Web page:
Under the heading Access to Legislation, the Commission is involved in three connected activities (Revised Acts, the Legislation Directory and the Classified List of In-Force Legislation) that are aimed at ensuring greater online accessibility of legislation. This derives from one of the Commission's statutory functions under the Law Reform Commission Act 1975 to keep the law under review and to conduct research with a view to reforming the law, which includes the revision and consolidation of legislation. The Commission is also engaged in a project to support the consolidation or codification of legislation.
2.1 Revised Acts
In 2006, the Government requested the Commission, consistent with its statutory functions under the 1975 Act, to assume responsibility for the preparation of Revised Acts (at that time, Restatements). A Revised Act is an administrative consolidation of that Act-as-amended, and brings together in a single text all amendments and changes to an Act, making the law more accessible for all users. For example, the Bankruptcy Act 1988 and the Personal Insolvency Act 2012 have been amended many times since they were enacted, and it is therefore important to have available an up-to-date version that incorporates all amendments to them. The Commission currently publishes, and maintains up to date, over 340 Revised Acts on this website. For more information on Revised Acts, click here.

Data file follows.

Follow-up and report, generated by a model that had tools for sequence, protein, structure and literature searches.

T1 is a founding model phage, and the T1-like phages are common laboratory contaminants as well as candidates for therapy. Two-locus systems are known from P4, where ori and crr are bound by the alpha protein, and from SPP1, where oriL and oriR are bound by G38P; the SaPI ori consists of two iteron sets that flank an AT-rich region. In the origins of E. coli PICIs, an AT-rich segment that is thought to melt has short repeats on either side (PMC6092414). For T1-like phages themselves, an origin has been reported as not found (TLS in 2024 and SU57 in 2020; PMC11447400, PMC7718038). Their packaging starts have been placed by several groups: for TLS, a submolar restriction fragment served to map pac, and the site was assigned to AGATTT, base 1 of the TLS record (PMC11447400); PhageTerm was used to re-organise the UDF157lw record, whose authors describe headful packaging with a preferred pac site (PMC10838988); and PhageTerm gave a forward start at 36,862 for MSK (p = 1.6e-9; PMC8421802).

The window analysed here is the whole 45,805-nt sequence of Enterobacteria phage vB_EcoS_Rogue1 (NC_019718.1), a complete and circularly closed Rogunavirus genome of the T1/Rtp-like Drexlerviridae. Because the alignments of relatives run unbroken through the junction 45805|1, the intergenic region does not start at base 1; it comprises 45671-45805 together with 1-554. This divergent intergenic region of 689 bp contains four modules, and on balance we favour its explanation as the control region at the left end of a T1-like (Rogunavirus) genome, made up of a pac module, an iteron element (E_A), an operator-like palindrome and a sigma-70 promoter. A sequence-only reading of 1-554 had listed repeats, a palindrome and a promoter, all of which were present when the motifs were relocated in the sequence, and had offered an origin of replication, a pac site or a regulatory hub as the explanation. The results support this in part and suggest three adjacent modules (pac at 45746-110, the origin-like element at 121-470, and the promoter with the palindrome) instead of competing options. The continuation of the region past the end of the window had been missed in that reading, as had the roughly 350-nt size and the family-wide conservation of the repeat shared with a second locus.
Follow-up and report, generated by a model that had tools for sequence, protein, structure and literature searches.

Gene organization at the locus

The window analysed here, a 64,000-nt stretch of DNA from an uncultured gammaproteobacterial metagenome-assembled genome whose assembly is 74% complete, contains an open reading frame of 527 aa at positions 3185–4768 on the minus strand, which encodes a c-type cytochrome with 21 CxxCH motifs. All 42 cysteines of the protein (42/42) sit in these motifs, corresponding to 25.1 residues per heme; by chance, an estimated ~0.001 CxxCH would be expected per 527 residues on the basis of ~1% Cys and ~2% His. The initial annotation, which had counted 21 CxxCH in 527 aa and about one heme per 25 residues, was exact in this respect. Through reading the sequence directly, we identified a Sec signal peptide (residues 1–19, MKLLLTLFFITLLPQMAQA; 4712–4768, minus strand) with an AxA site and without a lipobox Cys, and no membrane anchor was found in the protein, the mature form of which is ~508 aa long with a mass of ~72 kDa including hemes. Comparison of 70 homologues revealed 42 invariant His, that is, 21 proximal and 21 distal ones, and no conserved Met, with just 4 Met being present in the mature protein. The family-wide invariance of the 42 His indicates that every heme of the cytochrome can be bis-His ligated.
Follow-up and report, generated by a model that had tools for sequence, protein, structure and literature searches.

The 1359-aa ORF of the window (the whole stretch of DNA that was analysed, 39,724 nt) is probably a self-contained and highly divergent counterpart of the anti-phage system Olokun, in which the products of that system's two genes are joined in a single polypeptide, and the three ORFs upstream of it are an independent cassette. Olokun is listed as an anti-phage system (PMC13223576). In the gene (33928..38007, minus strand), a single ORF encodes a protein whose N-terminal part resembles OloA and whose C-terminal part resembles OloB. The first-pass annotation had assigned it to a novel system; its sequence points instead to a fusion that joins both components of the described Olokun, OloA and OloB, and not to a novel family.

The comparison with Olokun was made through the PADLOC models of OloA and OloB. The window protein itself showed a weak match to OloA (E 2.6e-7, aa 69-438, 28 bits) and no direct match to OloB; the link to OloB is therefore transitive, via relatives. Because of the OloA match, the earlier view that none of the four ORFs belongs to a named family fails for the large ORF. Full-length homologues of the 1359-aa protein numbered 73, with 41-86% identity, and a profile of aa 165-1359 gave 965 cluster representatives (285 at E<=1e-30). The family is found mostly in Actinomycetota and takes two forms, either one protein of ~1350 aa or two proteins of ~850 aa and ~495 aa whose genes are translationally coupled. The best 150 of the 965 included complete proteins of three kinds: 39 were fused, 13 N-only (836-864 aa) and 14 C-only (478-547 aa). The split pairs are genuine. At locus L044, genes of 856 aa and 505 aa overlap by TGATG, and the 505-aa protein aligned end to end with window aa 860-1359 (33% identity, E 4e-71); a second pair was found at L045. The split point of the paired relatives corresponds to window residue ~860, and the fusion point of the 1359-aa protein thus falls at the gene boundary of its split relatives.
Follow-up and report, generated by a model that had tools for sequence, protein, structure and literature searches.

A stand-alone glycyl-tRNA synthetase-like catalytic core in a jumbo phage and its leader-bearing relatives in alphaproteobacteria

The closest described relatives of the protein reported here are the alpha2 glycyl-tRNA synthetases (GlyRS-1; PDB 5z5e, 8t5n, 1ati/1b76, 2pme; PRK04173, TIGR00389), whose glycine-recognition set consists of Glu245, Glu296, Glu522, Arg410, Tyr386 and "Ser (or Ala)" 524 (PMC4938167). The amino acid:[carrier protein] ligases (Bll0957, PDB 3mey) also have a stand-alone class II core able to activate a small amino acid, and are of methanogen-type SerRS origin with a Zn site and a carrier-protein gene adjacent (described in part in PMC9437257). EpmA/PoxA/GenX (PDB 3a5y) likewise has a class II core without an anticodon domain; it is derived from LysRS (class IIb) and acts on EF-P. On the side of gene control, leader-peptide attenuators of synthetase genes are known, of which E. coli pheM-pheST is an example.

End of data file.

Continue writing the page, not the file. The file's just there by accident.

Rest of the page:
2.2 Legislation Directory: Amendments to Legislation and Other Effects
The Legislation Directory (previously called the Chronological Tables of the Statutes) is a publicly available database that documents amendments made to all Acts enacted since 1922; and to those pre-1922 Acts that remain in force in accordance with the Statute Law Revision Act 2007. The Commission has had functional responsibility for the development and maintenance of the Legislation Directory since 2007, since when it has added a number of enhancements, including commencement information and other legislative effects to Acts enacted since 2000; and a (partial) Legislation Directory that (currently) tracks amendments made to statutory instruments since 1987, with entries for earlier years being prepared. The Legislation Directory is hosted on the electronic Irish Statute Book, eISB, at www.irishstatutebook.ie where it now consists of an integrated link from the full text of each Act. For more information on the Legislation Directory click here.
2.3 Classified List of In-Force Legislation in Ireland